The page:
New DOJ chief reviews program for state witnesses

By Andrew Jonathan S. Bagaoisan, ABS-CBN News

Posted at Jul 02 2010 12:13 PM | Updated as of Jul 02 2010 10:01 PM

MANILA, Philippines - On her first day at the Department of Justice (DOJ), Secretary Leila De Lima vowed to resolve all high profile cases expeditiously and competitively while eyeing a review of the department's witness protection program.

"Test me on this promise," De Lima told officials and employees at turnover ceremonies Friday morning at the DOJ office.

The new secretary laid out an agenda for the department, containing programs such as a review, audit, and re-implementation of the witness protection program (WPP).

De Lima, former chair of the Commission on Human Rights (CHR), called the current implementation of the program "weak," alluding to the recent deaths of witnesses in the Maguindanao massacre.

She told reporters the witness protection program was key in administering justice.

"We are called to perform and deliver 100 percent justice for all persons," De Lima said. "Our true master is the law, justice, human rights, the protection of the Filipino people."

She reminded DOJ employees that the department received "marching orders" direct from President Aquino, who mentioned only De Lima and Agriculture Secretary Proceso Alcala in his inaugural address.

"Feel pride that our mandate comes from the very top. Should he waver, he will be judged," De Lima said, referring to Aquino's promise of justice. "All of us at the Department of Justice will be judged against the same standard."

De Lima expressed interest in taking a part in the DOJ's task force on anti-trafficking in persons, being one of her promises to her colleagues in the CHR.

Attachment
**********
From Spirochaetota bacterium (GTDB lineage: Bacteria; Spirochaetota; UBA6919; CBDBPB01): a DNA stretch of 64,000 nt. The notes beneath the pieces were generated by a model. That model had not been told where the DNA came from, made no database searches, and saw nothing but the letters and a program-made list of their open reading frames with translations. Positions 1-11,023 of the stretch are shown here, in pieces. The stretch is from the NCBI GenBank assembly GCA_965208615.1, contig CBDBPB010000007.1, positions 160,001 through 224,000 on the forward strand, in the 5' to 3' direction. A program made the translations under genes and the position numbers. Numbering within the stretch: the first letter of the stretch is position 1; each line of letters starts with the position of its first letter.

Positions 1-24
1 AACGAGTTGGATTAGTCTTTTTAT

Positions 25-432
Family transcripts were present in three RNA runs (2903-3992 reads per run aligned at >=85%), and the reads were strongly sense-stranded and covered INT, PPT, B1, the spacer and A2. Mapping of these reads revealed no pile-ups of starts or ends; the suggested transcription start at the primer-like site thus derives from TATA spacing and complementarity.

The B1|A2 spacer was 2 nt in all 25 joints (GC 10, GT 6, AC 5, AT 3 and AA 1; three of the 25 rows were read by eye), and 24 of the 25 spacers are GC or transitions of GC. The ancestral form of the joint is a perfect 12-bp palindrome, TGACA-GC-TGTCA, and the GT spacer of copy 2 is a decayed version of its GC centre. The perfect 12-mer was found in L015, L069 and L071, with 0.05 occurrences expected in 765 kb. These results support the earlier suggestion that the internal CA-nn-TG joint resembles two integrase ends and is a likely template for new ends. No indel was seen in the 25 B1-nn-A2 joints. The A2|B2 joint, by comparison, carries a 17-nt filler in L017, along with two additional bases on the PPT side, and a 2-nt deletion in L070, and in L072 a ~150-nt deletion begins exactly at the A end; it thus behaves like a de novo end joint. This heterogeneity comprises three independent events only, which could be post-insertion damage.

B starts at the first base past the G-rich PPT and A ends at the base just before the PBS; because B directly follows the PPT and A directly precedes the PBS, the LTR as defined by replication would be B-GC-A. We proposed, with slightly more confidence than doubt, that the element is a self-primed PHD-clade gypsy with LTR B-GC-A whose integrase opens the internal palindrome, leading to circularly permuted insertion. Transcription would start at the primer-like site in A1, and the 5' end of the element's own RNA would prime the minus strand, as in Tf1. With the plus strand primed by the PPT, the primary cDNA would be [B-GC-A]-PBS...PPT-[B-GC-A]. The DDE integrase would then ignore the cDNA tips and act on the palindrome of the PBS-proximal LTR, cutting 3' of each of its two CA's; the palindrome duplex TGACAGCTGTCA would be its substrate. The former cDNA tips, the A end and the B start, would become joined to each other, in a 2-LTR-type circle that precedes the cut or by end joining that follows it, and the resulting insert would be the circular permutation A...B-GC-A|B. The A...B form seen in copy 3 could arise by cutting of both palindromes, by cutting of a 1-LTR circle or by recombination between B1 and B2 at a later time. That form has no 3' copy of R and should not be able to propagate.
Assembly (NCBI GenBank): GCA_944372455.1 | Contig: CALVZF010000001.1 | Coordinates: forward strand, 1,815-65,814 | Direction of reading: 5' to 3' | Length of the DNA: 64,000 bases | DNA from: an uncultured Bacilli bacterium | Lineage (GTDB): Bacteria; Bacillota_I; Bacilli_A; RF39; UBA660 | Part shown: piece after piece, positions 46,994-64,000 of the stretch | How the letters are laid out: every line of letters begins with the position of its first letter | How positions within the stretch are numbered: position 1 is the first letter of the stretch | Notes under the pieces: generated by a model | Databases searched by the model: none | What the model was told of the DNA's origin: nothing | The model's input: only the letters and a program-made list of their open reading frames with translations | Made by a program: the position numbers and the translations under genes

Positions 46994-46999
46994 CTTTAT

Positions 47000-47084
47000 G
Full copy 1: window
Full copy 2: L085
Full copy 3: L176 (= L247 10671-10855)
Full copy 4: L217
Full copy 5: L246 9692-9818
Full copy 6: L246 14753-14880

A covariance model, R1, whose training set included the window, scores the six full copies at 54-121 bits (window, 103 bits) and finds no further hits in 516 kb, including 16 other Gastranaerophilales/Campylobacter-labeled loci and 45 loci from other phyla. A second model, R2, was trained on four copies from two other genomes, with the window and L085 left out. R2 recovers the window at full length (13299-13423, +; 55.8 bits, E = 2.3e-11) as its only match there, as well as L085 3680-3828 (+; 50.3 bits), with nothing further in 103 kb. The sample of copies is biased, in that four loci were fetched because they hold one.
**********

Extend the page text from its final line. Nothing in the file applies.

She called for a review of other task forces and elimination of a number if needed. She singled out prioritizing the task forces on anti- smuggling and immigration to aid the government's fund-raising activities.

Among her other programs were making inventories and audits of the offices under the DOJ, and an increase in the number of prosecutors

De Lima later said she would attend various briefings to familiarize her with the department.

She also thanked outgoing DOJ Secretary Alberto Agra and his predecessor, Agnes Devanadera, for guidelines released during their terms and their campaign to reduce the backlog of cases filed at the DOJ, now numbering more than a thousand.

Agra symbolically turned over the department's flag to De Lima. He described De Lima as "incorruptible" and recalled the 15 years he had known her among the "handful" in election law practice.

"I am sure she will be relentless with a purpose," Agra said.

Agra also turned over to De Lima documents that included the department's budget, 11 circulars and rules issued during his four-month term, a report on the DOJ's zero-backlog program, and a wish list of reforms he wanted implemented.

He proudly mentioned addressing all 128 cases filed during his term, leaving De Lima with those unresolved cases passed to him.

Agra, who caused a controversy by being appointed by former President Gloria Arroyo in the waning months of her term, said he was going back to school.

He enrolled in two non-law courses at the Ateneo de Manila University.